Statement on the 6th anniversary of Russia-Georgia War

Russian troops leave their sentry post some 20 kilometers from Gori, Georgia, August 22, 2008. (Photo: Xinhua)

In this season of numerous Independence Day anniversaries, Georgia is reminded of the Russia-Georgia August 2008 War, which broke out 6 years ago on August 7. On this day, Russia invaded Georgia with a large-scale military operation and has since been occupying Georgia’s South Ossetia and Abkhazia regions, which makes up 20% of Georgia’s territory.

The signing of the Six-point Ceasefire Agreement on 12 August 2008, which stated that Russia should withdraw its forces to their pre-war positions, has not been upheld. On this anniversary occasion, the Ministry of Foreign Affairs of Georgia has released a statement to raise awareness about the conflict of Russian-Georgia 6 years ago, the unsolved situation, and its future goals to resolve the existing conflict through negotiations.

The statement says, “7 August 2014 marks the sixth anniversary of Russia’s aggression against Georgia and occupation of the territories of Georgia. As of 2014, Russia still has control over the Georgian regions of Abkhazia and Tskhinvali. These areas have turned into ‘the most inaccessible places on earth’, according to UN High Commissioner. As a consequence, fundamental rights of the local population are severely violated. Georgia government wants the de-escalation of relations with the Russian Federation and peaceful settlement of conflict, based on the fundamental principles of the international law.”

The full statement is provided below.

7 August 2014 marks the sixth anniversary of Russia’s aggression against Georgia and occupation of the territories of a sovereign, independent state. Six years after the August 2008 war, occupation forces still exercise effective control over the Georgian regions of Abkhazia and Tskhinvali. As a consequence, fundamental rights of the local population are severely violated and the hundreds of thousands of victims of the several waves of ethnic cleansing are deprived of the right to safe and dignified return to the places of their original residence.

Notwithstanding numerous calls from the international community, provisions of the Ceasefire Agreement of 12 August 2008 remain disregarded and unfulfilled. In full negligence of international obligations, barbwire fences and other artificial obstacles are being installed across the occupation line, which infringes civil, social and economic rights of local residents, primarily, their right to the freedom of movement.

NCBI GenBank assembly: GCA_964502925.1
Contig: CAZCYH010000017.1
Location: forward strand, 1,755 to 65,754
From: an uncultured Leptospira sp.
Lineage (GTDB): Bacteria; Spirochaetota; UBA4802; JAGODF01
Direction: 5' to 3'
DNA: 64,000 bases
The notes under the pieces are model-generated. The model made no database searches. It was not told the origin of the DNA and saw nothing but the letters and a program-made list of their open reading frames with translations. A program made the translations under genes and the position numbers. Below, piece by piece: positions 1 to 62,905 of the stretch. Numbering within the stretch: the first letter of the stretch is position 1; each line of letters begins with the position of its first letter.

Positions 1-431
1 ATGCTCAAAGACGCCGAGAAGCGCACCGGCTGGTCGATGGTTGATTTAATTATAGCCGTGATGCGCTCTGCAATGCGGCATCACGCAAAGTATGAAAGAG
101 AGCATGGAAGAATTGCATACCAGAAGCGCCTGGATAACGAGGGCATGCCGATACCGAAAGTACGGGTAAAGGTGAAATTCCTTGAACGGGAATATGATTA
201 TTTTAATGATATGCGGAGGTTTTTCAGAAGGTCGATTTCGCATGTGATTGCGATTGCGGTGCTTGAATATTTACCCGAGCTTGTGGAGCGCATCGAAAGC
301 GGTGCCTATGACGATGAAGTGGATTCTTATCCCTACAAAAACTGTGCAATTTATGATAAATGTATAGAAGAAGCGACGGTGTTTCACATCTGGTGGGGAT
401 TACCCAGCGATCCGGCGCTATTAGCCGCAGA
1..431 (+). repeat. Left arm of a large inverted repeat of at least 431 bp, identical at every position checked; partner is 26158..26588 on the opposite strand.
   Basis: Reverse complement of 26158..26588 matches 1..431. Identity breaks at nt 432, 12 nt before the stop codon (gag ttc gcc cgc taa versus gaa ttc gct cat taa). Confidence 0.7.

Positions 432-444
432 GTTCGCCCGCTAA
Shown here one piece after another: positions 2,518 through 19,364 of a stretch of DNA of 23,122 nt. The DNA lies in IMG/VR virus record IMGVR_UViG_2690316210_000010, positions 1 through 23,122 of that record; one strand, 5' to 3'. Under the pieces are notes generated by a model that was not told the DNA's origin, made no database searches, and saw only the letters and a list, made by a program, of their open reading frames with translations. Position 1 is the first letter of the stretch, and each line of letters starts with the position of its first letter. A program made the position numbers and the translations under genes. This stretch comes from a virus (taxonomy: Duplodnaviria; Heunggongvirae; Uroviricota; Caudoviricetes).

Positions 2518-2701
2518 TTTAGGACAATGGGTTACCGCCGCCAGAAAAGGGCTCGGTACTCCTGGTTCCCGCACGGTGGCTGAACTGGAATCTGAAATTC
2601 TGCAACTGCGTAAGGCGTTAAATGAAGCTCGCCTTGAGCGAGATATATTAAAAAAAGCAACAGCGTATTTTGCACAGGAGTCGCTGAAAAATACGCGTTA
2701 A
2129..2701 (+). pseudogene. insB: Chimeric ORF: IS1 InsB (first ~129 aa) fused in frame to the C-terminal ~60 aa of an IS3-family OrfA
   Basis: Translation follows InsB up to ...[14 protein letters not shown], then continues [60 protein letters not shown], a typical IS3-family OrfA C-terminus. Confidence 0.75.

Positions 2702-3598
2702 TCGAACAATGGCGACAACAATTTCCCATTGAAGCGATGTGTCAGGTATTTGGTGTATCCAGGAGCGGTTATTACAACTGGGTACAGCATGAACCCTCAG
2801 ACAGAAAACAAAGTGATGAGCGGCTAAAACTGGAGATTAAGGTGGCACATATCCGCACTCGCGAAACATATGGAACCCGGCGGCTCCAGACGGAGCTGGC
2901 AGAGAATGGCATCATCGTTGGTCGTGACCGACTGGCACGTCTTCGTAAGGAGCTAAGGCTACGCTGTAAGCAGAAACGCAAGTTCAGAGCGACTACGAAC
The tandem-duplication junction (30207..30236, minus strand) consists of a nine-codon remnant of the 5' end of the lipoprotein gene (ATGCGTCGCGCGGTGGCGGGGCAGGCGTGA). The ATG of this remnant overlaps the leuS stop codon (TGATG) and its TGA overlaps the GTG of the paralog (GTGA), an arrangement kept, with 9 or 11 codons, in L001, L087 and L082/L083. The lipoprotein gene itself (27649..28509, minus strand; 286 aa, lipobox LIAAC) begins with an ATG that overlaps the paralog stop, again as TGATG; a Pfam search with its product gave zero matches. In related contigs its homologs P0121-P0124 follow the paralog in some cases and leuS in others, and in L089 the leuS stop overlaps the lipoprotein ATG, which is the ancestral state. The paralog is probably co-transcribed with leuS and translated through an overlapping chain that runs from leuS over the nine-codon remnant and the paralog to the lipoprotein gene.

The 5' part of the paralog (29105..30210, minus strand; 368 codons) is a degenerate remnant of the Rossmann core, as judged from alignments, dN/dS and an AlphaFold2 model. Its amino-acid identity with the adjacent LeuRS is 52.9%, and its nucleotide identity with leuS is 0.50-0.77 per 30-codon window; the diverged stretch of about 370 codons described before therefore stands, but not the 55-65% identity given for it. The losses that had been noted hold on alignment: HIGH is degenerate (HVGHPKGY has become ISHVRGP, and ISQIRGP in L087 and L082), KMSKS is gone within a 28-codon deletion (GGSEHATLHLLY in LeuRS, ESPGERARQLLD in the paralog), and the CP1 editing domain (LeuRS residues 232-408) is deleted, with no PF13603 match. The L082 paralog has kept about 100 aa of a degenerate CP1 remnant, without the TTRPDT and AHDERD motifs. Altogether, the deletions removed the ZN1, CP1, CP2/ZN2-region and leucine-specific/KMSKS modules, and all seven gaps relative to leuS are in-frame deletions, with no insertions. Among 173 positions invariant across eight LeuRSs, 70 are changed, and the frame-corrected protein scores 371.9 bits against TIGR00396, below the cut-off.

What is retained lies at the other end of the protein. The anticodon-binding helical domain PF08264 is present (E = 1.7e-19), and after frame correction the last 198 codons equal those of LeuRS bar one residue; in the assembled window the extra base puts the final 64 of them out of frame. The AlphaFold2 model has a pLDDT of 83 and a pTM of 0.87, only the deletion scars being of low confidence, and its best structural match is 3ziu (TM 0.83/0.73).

Unfortunately, no progress has been achieved on important agenda items considered within the Geneva International Discussions, despite the efforts of Georgia and the Co-Chairs of the Discussions. The Russian Federation still refuses to adequately respond to the unilateral pledge on the non-use of force undertaken by Georgia in 2010 and later, reinforced with the Resolution of the Georgian Parliament on 7 March 2013. Attempts to establish international mechanisms in the occupied regions are openly opposed; as a result, these territories have turned into “black holes” and become “the most inaccessible places on earth”, as observed by the UN High Commissioner on Human Rights.

The Georgian side considers unacceptable to use the Geneva International Discussions as a tool for advancing one’s political goals through changing the format and agenda of the Discussions. Georgia highly values the firm position of the Co-Chairs on the absolute necessity to preserve the consensually agreed format and agenda of the Geneva International Discussions. Georgia is committed to further continue constructive engagement in the Discussions with the aim to resolve the outstanding political issues between Georgia and Russia, first and foremost, to guarantee the full implementation of the 12 August 2008 Ceasefire Agreement.

Six years after the August 2008 war, Georgia still strives for the de-escalation of relations with the Russian Federation and peaceful settlement of conflict, based on the fundamental principles of the international law. To this end, Georgia has undertaken a number of concrete, substantial steps, including the launch of unconditional dialogue on the resumption of trade, economic, cultural and humanitarian relations with Russia. Alongside with the phased normalization of relations with Russia, the European and Euro-Atlantic integration remains at a core of Georgian foreign policy. The government of Georgia spares no effort to fulfill the choice and aspiration of the Georgian people and to make substantial steps towards European and Euro-Atlantic integration. Signing of the Association Agreement as well as the DCFTA is the best testimony to this.

The Georgian Government stands strong in its belief that the development of a statehood based on the shared democratic values is the best and the most effective tool for the restoration of territorial integrity.
The Ministry of Foreign Affairs if Georgia would like to seize this opportunity and once again expresses its deepest sympathy to the families of the Georgian soldiers and civil population who fell a victim to the August 2008 War.

7 August 2014
George Khabelashvili
Minister-Counsellor
Embassy of Georgia to the Republic of Korea

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